“I don’t know if the analogy of the jury system might work…if you took the same case to 10 different juries, you’d get different decisions, right? And somehow, for me anyways, that doesn’t bother me. But the case [of] the animal ethics committee maybe bothers me a little bit more. And I think that’s because I’m somehow less trusting that the process being followed in that community is really, fairly reflects the, well, that the process works …”
Participants specifically discussed the role of the protocol review committee Chair and highlighted the view that the Chair must provide the leadership to empower all members of the committee to voice their concerns: “We need the right leadership present on a committee to take charge and to speak up on the ethical issues on the protocols and to keep asking the right questions. So, we need a good Chair to allow consensus regarding the protocols we use for approval and rejection.” This was considered especially important when trying to ensure that community representatives are fairly included in the decision-making process and are not overwhelmed with jargon or technical details.
It was generally agreed that review of animal research requires a broader value judgment, not just a review of the technical details or the impacts on the animals involved. Broader ethical review may be limited by the expertise of the members or by committees specifically asking members not to review the social value of the research and only focus on harm mitigation. It has been noted elsewhere that the protocol review process typically focuses more on technical details than on a broader value judgment [33
]. The call for a broader value judgment has also been made elsewhere [34
It was also generally agreed by the participants that there should be increased openness from protocol review committee members (and institutions) about: (a) the functioning of the committees and how decisions are arrived at and (b) approved protocols. Participants largely agreed that committee members should not be bound by confidentiality and should be able to share information outside the committee (with the exception of proprietary information). This is particularly important for community representatives who may need broader support for their role in the committee. There was also a suggestion to build on the UK model of publishing lay summaries to create a searchable online resource for all approved protocols, including the numbers and types of animals involved. Providing the public an opportunity to engage and comment on proposed animal research utilizing lay summaries has been tested in Canada [36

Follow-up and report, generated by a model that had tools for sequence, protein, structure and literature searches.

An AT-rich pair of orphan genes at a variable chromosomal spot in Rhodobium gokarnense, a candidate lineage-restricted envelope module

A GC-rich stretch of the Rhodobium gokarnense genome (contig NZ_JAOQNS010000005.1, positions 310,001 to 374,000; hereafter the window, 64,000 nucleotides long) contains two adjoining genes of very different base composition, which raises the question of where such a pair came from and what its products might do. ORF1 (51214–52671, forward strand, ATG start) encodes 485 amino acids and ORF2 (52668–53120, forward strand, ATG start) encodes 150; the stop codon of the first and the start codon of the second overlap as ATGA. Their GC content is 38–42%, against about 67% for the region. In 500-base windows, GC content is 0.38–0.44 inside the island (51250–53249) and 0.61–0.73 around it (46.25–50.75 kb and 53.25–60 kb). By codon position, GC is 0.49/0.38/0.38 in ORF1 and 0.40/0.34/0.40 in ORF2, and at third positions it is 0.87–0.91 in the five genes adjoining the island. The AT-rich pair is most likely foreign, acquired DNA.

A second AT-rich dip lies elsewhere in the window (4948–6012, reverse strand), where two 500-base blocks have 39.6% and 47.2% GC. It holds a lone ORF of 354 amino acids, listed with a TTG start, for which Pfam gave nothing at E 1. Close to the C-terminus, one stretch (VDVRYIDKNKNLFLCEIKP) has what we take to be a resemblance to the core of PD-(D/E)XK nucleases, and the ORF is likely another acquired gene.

Some researchers may have concern about the public release of certain information in their protocol, so there should be some mechanism to redact the protocol with the provision of footnotes justifying the case. It was agreed that certain information should remain confidential, including the names of any research staff. The discussion about keeping names confidential focused on the perceived risk of animal rights activism; this speaks to the tension between openness and perceived security risk that has been discussed elsewhere [2
In addition, a certain level of confidentiality for ethics review committees might be important so that members feel safe to engage in open conversation with committee members. Overall, there was agreement that some aspects of animal research should be released into the public domain, whereas others could remain confidential. While there was agreement that lay summaries of approved protocols should be made available to the public, no consensus was reached on which specific components should be available. However, it was suggested that openness should be the default, but that confidentiality could be requested in special cases to protect researchers’ personal safety and intellectual property, “… there should be more of a default to openness, with exceptions for proprietary research that you would write in and say, well, I need to be exempted from this requirement for openness.”